CPCx 2023 Conference Program

Workshops, master classes, round tables in 13 sessions
Salle A = 21 bis rue des écoles in the 5th arronidissement
Salle B = Centre Culturel Italien, 21 rue des Carmes, Paris 75005

Round tables (RT)

  • The History of Cabaret (with Frantz Wouilloz) followed by a Round Table on What Is Cabaret Today ? (with Martin Pénet)
  • Paris Noir: The influence of African-American singers in Paris, Q&A led by Lynne Jordan, Michèle Barbier, Jeanne Franks, and others (RT)
  • Getting Political in Cabaret – Paul L. Martin to chair a discussion on the performer’s relationship to political opinion during stage-time (RT)
  • The Business and Promotion of Cabaret, the mission of the Cabaret Connexion: a round table discussion led by Anne Burnell and Claudia Hommel; French panelists to be determined (RT)

Workshops (W) and masterclasses (MC)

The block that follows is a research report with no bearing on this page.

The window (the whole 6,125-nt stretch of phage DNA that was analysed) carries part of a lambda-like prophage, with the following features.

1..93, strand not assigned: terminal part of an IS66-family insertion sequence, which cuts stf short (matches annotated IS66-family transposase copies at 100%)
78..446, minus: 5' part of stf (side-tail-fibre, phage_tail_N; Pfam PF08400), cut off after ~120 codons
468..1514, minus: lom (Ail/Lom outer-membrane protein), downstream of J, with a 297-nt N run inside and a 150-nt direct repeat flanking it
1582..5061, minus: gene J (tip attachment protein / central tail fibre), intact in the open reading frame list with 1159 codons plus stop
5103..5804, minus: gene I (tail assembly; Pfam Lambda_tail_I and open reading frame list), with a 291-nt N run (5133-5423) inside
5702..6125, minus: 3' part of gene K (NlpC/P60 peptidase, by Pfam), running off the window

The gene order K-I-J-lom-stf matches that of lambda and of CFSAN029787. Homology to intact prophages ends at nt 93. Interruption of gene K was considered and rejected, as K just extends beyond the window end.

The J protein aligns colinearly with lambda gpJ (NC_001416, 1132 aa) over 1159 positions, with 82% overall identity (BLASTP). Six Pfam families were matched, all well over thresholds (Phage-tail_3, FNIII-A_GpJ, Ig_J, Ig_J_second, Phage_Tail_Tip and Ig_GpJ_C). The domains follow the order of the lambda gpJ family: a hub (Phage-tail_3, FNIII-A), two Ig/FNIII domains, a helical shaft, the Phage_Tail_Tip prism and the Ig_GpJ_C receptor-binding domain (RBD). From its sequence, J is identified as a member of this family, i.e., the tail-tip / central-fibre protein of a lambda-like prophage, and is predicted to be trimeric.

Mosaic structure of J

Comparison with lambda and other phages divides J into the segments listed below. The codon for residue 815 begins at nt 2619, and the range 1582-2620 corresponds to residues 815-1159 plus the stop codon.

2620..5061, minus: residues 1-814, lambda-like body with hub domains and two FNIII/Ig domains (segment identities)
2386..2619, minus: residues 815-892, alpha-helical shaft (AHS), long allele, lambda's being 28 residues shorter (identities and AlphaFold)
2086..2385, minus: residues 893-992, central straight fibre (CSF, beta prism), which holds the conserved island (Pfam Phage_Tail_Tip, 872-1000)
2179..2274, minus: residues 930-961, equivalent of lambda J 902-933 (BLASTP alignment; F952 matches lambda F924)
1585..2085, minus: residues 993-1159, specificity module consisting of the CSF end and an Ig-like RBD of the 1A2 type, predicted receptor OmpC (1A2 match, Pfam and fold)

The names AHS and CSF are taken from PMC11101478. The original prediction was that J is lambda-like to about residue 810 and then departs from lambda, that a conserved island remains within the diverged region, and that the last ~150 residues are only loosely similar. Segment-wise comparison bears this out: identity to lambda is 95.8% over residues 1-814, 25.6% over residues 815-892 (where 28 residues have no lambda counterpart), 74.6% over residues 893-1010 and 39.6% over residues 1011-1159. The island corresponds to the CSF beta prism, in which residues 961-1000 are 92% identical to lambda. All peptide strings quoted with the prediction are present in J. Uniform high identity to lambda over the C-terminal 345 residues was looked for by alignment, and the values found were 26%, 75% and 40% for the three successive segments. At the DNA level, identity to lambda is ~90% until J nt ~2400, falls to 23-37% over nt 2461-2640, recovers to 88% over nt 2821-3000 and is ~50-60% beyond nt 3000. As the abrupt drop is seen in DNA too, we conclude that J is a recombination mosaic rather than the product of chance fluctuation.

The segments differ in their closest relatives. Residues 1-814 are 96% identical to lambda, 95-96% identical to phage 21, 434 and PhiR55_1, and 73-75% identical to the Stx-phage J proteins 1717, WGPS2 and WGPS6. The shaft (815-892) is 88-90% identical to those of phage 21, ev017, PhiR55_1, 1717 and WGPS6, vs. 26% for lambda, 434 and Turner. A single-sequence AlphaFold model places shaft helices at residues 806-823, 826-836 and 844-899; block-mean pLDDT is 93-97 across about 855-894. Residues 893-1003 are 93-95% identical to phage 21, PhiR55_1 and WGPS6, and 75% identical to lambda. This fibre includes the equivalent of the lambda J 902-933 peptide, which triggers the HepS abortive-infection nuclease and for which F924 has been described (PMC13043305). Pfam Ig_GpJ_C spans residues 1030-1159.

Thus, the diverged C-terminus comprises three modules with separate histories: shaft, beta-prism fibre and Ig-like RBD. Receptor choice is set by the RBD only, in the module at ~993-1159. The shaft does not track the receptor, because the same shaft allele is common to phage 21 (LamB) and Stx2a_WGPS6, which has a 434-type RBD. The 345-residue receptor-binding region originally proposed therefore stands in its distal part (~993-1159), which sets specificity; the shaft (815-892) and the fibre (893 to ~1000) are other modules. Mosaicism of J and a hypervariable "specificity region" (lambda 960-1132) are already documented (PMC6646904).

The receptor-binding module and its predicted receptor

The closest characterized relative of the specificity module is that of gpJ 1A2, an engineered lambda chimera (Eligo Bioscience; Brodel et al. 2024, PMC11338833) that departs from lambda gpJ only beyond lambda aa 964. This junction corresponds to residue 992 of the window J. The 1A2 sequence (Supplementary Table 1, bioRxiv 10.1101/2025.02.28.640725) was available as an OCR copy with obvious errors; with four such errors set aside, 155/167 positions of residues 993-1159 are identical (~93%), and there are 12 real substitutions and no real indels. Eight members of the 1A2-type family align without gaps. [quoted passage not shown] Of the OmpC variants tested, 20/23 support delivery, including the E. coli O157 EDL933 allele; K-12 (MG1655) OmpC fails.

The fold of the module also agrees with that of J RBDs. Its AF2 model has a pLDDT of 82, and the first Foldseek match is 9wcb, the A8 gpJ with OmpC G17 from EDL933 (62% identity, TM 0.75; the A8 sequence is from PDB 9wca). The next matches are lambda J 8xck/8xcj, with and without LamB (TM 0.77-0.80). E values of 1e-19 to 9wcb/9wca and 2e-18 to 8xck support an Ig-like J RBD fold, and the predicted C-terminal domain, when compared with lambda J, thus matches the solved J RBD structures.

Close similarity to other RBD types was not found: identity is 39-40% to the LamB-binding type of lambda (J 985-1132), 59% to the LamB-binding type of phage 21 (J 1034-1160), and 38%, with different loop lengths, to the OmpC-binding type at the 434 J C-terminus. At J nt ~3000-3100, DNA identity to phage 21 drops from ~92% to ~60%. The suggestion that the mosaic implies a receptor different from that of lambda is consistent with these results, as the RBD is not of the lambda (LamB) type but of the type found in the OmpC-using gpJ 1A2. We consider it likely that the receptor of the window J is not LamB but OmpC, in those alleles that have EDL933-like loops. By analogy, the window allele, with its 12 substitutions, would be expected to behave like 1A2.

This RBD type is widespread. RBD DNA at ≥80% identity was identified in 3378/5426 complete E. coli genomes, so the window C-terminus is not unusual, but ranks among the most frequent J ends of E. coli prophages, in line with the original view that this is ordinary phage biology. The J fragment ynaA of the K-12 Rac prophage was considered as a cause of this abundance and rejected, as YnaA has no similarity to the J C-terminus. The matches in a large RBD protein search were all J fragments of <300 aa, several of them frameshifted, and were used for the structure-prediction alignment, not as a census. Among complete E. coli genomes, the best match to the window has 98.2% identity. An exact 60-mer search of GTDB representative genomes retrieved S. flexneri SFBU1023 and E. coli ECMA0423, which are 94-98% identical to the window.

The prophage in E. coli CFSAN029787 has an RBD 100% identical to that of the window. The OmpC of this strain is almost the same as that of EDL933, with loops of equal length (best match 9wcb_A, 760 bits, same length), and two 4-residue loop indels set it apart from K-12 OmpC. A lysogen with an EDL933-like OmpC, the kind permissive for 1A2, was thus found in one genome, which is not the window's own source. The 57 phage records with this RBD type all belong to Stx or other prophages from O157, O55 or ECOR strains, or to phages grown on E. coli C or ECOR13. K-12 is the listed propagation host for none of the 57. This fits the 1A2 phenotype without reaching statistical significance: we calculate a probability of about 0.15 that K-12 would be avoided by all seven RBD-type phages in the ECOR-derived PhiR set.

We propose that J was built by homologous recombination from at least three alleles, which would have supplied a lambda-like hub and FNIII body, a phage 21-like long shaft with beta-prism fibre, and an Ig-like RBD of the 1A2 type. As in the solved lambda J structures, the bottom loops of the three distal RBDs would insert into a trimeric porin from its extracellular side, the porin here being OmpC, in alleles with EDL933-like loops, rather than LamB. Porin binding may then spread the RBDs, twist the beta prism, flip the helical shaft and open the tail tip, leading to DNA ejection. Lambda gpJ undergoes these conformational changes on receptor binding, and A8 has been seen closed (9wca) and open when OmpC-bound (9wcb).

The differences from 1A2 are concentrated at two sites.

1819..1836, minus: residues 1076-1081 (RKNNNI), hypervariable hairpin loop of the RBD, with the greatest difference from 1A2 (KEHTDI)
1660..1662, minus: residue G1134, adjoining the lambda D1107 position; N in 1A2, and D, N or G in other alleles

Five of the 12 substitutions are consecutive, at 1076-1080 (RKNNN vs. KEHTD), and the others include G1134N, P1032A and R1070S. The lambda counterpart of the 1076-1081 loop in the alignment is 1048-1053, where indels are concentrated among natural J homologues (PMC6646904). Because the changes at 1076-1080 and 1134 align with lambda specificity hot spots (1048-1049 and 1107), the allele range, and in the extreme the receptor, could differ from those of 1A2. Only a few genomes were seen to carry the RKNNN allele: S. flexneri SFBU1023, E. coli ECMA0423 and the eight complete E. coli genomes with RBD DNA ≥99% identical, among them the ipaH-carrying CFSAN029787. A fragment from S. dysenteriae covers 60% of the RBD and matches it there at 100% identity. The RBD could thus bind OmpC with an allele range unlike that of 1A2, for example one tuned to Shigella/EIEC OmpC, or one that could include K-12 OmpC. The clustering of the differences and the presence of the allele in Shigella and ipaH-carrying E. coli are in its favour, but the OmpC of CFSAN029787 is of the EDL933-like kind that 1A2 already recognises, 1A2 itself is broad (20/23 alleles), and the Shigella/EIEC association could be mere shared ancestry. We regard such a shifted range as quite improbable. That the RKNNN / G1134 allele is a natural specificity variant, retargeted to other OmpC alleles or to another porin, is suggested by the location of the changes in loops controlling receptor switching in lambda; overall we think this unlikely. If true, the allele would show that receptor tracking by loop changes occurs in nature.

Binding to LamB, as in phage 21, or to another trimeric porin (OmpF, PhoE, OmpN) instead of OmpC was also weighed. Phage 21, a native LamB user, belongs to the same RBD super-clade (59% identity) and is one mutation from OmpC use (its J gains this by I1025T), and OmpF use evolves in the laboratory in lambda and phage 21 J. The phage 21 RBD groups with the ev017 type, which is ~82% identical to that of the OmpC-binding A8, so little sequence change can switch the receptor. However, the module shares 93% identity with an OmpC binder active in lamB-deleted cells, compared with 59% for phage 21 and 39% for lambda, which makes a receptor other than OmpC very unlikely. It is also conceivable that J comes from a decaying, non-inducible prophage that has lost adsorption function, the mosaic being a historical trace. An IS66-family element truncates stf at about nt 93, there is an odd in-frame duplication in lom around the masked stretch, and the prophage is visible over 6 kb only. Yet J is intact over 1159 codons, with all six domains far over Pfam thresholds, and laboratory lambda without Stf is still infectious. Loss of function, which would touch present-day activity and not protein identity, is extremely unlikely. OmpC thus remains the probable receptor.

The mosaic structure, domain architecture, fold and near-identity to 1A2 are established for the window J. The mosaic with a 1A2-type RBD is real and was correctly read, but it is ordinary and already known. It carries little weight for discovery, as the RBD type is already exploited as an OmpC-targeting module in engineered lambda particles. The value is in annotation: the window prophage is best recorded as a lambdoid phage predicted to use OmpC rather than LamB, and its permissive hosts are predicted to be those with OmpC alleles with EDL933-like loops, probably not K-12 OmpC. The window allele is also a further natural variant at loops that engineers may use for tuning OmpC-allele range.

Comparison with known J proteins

• English & French Diction for singers led by David Hoffman
  • Be Yourself. Everyone else is taken, Isabelle Georges (MC)
  • Vocal Techniques Essential for Cabaret, Elisabeth Howard (W)
  • Stage movement essentials, Elisabeth Howard (W),
  • Vocal Techniques for the Rest of Your Life or How to Be a Better Singer in 10 Minutes a Day, Jeanie Carroll (W)
  • Patter Matters: communicating with your audience, Paul L Martin (W)
  • Talking with your pianist, musicality and communication, Jean-Claude Orfali, Mark Burnell, Jon Weber (W)
  • Using Improvisation to improve our performances, Anne Fromm (W)
  • Vocal Musicianship , Anne & Mark Burnell (W)

Visit the Preparation page to get your repertoire ready for the workshops.

Sessions will be held each morning and afternoon, Monday to Friday, September 1. Morning sessions begin at 10 AM until 1PM. Doors open on Monday at 9:30 AM to complete registration and payments. Most afternoon sessions begin at 2:30 PM and end at 5:30 PM.

Some session descriptions

Anne & Mark Burnell: Vocal Musicianship